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Is 240 Hertz SWIFT enough for you? The new ASUS ROG gaming monitor

Subject: Displays | March 20, 2017 - 01:25 PM |
Tagged: tn monitor, SWIFT PG258Q, gsync, ASUS ROG, 1080p

As we wait for connectivity and GPU horsepower to catch up to the new technology available in monitors, those who are upgrading face a choice.  If you want incredibly high refresh rates then you have to sacrifice resolution, whereas if 4K is your need then you will have to be satisfied with lower refresh rate ranges.  The ASUS ROG SWIFT PG258Q is one of the former, offering 1080p resolution but with G-SYNC capable of a refresh rate reaching 240Hz.  That extremely high refresh rate also requires the use of a TN panel, so if you prefer 4k IPS then this display is not the one you are looking for. 

Kitguru provides a full review of the monitor here, including a look at the new style of asymmetrical ROG stand which can tilt farther than you might think at first glance.

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"Gaming monitors are clearly going through a bit of a growth spurt, and ASUS is a company particularly focusing on this area. The ROG SWIFT PG258Q is a 24.5in screen with a whopping 240Hz top refresh and NVIDIA G-Sync, plus a host of other features specifically tailored for serious gamers."

Here are some more Display articles from around the web:

Displays

Source: Kitguru

Hack a Day Prize kicks off today for those with creative spirits and skills

Subject: General Tech | March 20, 2017 - 12:38 PM |
Tagged: hackaday prize, contest

The 2017 Hack A Day Prize kicks off today and for anyone thinking of joining, or who has a project they have started or are thinking of starting then you should sign up as there is a huge list of prizes.  In addition to the grand prizes are prizes awarded in five different categories, the first of which is for project design, you don't need a physical product to win this category, a best design plan with details on how the project could help change the world from the better will walk away with the first prize.  The design purpose also matters, your plan might not compete in the IoT category but could soar in the wheels, wings, and walkers or assistive technology portions of the contest.  Check out the rules and regulations and pop a bookmark into your browser to see what the winners and runners up have created!

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"We have over $250,000 in cash going out to hundreds of entries this year. The Grand Prize of $50,000 is joined once again this year by the Best Product Prize of $30,000. Four other entries will place second through fifth and receive $20k, $15k, $10k, and $5k respectively."

Here is some more Tech News from around the web:

Tech Talk

Source: Hack a Day

Intel Officially Kicks Off Optane Launch with SSD DC P4800X

Subject: Storage | March 19, 2017 - 12:21 PM |
Tagged: XPoint, SSD DC P4800X, Optane Memory, Optane, Intel, client, 750GB, 3D XPoint, 375GB, 1.5TB

Intel brought us out to their Folsom campus last week for some in-depth product briefings. Much of our briefing is still under embargo, but the portion that officially lifts this morning is the SSD DC P4800X:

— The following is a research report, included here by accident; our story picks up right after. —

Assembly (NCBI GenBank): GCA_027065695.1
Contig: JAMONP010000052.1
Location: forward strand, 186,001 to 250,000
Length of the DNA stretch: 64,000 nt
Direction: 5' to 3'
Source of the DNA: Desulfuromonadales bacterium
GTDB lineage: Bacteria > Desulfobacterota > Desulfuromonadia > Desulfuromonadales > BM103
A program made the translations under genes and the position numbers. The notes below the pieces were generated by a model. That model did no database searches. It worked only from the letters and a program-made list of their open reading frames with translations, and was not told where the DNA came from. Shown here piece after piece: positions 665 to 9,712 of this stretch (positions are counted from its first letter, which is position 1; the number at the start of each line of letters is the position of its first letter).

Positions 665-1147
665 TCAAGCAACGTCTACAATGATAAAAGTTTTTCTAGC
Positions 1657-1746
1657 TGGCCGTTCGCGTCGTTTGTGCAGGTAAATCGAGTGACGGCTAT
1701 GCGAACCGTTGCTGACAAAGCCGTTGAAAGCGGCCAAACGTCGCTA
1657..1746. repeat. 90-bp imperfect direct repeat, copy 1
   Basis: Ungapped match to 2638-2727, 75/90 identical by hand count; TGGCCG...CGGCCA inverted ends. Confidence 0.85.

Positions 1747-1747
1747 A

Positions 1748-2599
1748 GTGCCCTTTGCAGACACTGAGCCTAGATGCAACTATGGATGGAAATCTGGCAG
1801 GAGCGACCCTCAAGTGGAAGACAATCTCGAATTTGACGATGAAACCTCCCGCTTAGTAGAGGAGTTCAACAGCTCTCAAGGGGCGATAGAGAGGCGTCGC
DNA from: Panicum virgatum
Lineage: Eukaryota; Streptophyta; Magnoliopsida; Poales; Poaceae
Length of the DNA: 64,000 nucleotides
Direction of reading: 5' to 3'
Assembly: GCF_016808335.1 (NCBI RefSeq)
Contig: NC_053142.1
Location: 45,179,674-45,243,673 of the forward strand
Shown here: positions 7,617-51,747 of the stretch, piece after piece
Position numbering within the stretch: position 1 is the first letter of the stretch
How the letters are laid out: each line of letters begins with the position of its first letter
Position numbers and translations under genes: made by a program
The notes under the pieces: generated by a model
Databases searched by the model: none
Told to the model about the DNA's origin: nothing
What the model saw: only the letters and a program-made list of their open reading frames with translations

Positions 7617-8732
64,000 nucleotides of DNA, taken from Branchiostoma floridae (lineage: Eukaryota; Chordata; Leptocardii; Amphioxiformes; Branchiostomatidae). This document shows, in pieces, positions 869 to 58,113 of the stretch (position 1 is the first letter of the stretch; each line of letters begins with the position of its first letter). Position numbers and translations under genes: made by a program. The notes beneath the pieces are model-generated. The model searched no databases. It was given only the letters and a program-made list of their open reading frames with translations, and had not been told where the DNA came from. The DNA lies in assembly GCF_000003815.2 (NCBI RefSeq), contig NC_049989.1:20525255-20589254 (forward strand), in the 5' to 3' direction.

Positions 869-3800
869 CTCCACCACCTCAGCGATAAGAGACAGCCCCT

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MSRP for the 375GB model is estimated at $1520 ($4/GB), which is rather spendy, but given that the product has shown it can effectively displace RAM in servers, we should be comparing the cost/GB with DRAM and not NAND. It should also be noted this is also nearly half the cost/GB of the X25-M at its launch. Capacities will go all the way up to 1.5TB, and U.2 form factor versions are also on the way.

For those wanting a bit more technical info, the P4800X uses a 7-channel controller, with the 375GB model having 4 dies per channel (28 total). Overprovisioning does not do for Optane what it did for NAND flash, as XPoint can be rewritten at the byte level and does not need to be programmed in (KB) pages and erased in larger (MB) blocks. The only extra space on Optane SSDs is for ECC, firmware, and a small spare area to map out any failed cells.

Those with a keen eye (and calculator) might have noted that the early TBW values only put the P4800X at 30 DWPD for a 3-year period. At the event, Intel confirmed that they anticipate the P4800X to qualify at that same 30 DWPD for a 5-year period by the time volume shipment occurs.

Read on for more about the SSD DC P4800X (and other upcoming products!)

Mass Production for the Wooting One Analog Keyboard

Subject: Cases and Cooling | March 18, 2017 - 01:39 AM |
Tagged: keyboard, gaming keyboard

About nine months ago, we reported on the Wooting One Analog Keyboard. At the time, they were expecting to ship the keyboard in November, but that has apparently slipped. Of course, creating products is difficult, and even the big companies have production issues (the difference with crowd-funding is that these issues are publicly obvious). They are expecting to start shipping in April.

The hook with this keyboard is that doesn’t just know whether a key is up or down, but how far it is. This can be mapped into the driver as an XInput device, emulating an axis rather than a button. This is actually where today’s issue arises: a batch of keyboards fail to register the full range of motion, and, thus, QA. They released a video, embed above, to explain the issue, and complain about small pizzas?

LG 32UD99: FreeSync, 4K, and HDR (95% DCI-P3) for $999

Subject: Displays | March 18, 2017 - 12:15 AM |
Tagged: LG, hdr10, hdr

There’s a lot of interesting elements to this monitor. Apart from the refresh rate, which I believe is 60 Hz, it checks off basically every nice-to-have that I can think of... at least for AMD users. It is borderless on all four sides. It has 95% coverage of DCI-P3, which might even be factory-calibrated (if I understand the “Color Calibrated” specification correctly). It also has FreeSync to make gaming at 4K slightly more smooth if you’re just a bit below 60 FPS.

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And, according to B&H Photo (via The Verge), it will be coming on the 28th for $999.